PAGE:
Mr. Hart’s Mansion from “Nine to Five”Dec 3rd, 2013 | By Lindsay | Category: Movie Locations
One of my favorite movies growing up was the 1980 comedy Nine to Five. I would watch it on an almost daily basis (no joke!) and practically had the thing memorized. I can still belt out the theme song to this day, in fact. (I am guessing the majority of my fellow stalkers can, too.) A couple of weeks ago, while rummaging through our DVD collection, I happened to come across the flick and realized I had not seen it in years, so I immediately popped it in. I was a little afraid that it would not live up to my memories of it, so I was floored to find myself laughing throughout. The movie definitely stands the test of time. That garage-door-opener/hang-glider contraption was pure genius! Anyway, immediately after watching, I, of course, headed straight to my computer to do some location sleuthing and was floored to discover that the mansion belonging to Franklin M. Hart Jr. (Dabney Coleman) in the flick had already been identified and that, according to the photos I found, still looked pretty much exactly the same as it did in Nine to Five. So I ran right out to stalk it while I was in L.A. a couple of weeks ago.
In Nine to Five, Doralee Rhodes (Dolly Parton), Violet Newstead (Lily Tomlin) and Judy Bernly (Jane Fonda) hold their “sexist, egotistical, lying, hypocritical bigot” of a boss, Mr. Hart, hostage (by forcing him into a hang gliding harness strapped to a customized garage door opener) for three weeks at his stately Tudor mansion while they try to find proof that he has been embezzling money.
As you can see below, today the house has quite a bit of foliage blocking its visibility from the street and the western portion of it seems to have been remodeled a bit since Nine to Five was filmed. Otherwise though, little else of the dwelling has been altered in the ensuing years.
In real life, the 1932 mansion boasts seven bedrooms, ten baths (!!!), 9,738 square feet of living space, and a 1.76-acre lot.
I was unable to determine if the estate’s actual interior appeared in Nine to Five, as I, unfortunately, could not find any interior photographs of the place online. In 1984, the abode was featured extensively in the pilot episode of Murder, She Wrote, which was titled “The Murder of Sherlock Holmes.” (Pictured below.) The interior shown in the episode looks completely different than the interior of the house from Nine to Five, though, so either the property was remodeled in between productions or a set was built for the filming of the movie. (It is highly unlikely that a set was built for Murder, She Wrote as the mansion only appeared in one single episode.)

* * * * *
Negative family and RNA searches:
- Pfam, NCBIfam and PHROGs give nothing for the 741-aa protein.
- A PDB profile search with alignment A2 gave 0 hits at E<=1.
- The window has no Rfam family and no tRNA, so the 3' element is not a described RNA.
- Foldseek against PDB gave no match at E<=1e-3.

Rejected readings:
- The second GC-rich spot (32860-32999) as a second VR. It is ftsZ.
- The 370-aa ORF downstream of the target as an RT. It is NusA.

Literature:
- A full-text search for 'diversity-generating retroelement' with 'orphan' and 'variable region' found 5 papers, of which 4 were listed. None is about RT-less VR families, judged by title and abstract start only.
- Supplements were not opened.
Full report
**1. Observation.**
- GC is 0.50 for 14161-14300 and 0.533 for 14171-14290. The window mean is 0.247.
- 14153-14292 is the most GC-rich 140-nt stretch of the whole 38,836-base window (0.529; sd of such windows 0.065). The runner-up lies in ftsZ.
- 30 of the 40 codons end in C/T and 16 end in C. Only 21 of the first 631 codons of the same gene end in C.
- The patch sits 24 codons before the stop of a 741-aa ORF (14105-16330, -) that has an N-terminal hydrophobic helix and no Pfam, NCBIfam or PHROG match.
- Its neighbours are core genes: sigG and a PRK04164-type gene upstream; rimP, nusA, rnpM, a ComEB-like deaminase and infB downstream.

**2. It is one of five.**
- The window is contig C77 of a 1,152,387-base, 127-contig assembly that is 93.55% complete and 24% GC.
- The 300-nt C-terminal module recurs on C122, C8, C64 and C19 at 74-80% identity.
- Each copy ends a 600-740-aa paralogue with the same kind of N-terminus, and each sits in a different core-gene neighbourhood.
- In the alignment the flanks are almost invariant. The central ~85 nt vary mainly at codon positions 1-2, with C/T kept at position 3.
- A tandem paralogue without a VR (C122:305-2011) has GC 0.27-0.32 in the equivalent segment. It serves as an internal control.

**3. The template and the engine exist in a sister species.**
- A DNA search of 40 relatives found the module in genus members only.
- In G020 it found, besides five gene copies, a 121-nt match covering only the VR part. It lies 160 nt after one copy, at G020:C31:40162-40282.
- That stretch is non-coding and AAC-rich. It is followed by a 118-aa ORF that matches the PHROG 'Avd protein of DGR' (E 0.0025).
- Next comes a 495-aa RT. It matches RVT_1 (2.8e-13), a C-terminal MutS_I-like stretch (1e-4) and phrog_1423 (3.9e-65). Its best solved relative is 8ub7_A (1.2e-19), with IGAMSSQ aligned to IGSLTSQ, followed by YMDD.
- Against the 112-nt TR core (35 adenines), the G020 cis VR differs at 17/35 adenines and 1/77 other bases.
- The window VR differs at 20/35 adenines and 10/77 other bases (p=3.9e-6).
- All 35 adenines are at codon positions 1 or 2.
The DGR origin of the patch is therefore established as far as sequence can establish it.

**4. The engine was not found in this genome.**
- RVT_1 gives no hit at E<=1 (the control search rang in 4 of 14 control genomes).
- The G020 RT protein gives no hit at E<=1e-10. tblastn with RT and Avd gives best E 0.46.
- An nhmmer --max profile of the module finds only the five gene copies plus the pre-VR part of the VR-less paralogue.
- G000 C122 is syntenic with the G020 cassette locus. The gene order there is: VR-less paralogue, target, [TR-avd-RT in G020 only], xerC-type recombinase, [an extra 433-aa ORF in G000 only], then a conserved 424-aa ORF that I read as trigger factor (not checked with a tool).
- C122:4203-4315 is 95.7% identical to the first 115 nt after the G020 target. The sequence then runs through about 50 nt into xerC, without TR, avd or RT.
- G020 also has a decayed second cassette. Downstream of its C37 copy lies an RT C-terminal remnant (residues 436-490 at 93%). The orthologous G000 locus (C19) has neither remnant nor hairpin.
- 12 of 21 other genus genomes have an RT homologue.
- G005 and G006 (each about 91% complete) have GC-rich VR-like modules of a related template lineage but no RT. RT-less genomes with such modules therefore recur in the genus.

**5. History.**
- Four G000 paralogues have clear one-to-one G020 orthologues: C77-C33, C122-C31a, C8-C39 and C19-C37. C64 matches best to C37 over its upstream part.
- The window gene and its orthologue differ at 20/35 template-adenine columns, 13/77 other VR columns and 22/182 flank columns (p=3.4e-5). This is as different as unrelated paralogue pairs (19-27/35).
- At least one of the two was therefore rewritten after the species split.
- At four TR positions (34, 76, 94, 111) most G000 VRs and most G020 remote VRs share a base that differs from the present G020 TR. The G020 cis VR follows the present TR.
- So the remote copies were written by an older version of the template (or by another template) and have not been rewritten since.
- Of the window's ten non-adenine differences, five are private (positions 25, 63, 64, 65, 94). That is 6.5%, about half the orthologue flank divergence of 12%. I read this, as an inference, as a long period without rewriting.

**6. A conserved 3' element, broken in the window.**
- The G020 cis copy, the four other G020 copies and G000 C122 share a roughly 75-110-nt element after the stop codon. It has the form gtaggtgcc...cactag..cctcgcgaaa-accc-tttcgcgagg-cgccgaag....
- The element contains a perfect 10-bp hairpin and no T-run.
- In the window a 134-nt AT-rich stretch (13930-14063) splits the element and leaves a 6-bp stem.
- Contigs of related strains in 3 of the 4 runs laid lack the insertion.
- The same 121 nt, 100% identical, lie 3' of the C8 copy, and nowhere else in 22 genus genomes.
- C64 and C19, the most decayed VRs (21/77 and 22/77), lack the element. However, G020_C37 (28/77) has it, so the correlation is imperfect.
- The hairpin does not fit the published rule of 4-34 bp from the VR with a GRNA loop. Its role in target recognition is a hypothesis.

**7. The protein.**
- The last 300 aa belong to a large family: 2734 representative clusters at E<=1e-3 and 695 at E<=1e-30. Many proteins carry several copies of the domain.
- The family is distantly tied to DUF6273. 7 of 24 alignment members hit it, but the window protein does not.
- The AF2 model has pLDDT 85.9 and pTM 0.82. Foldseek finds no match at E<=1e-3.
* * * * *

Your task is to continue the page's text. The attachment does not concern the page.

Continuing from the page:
Pictured below is the kitchen that appeared in Nine to Five, as compared to the kitchen that appeared in Murder, She Wrote. As you can see, they do not even remotely resemble each other.
Neither do the living rooms;
Further confusing the matter is that in Murder, She Wrote, a different location altogether was shown in establishing shots of the exterior of the mansion at night. And while I at first thought that interior filming might possibly have taken place at that second mansion, that does not appear to have been the case.
In “The Murder of Sherlock Holmes,” there is a shot of a character walking out of the interior of the residence onto the front porch, in which the exterior steps, arched façade and paneled front door are visible. Those elements match the exterior of the Nine to Five mansion (which you will be able to see more clearly later on in this post). I’ll leave it up to my fellow stalkers to be the judge on this one, but my best guess is that the interior of Mr. Hart’s mansion was just a set.
The exterior of the mansion also appeared very briefly in set-up shots of Bel-Air in the Season 1 episode of Dragnet titled “The Big Jade,” which aired in 1967.
The Nine to Five mansion was also where Jim Rockford (James Garner) and Warren Weeks (a very young Ron Rifkin) hid from the police by crashing a wedding in the Season 3 episode of The Rockford Files titled “The Trouble with Warren,” which aired in 1976.
As you can see below in a screen capture from Murder, She Wrote as compared to a screen capture from The Rockford Files, the front door, brick steps and arched overhang that appear in both episodes match each other perfectly.
A small portion of the interior of the mansion also appeared briefly in “The Trouble with Warren.”
And while the residence was also reportedly used in the 1981 television miniseries Jacqueline Susann’s Valley of the Dolls, I could not find a copy of that production with which to verify that information.
On a sad side note – I was heartbroken to learn that Paul Walker passed away in a car accident on Saturday afternoon. I had the pleasure of meeting Paul last December and he was easily one of the nicest celebrities I have ever encountered. You can read about his legendary kindness in this fabulous CNN article. And you can read about my experience meeting Paul on the Mike the Fanboy website here. Such a tragic loss.
For more stalking fun, be sure to follow me on Facebook, Twitter, Instagram, and Los Angeles magazine online. And you can check out my other blog, The Well-Heeled Diabetic, here.
Until next time, Happy Stalking!
Stalk It: Mr. Hart’s mansion from Nine to Five is located at 10431 Bellagio Road in Bel-Air.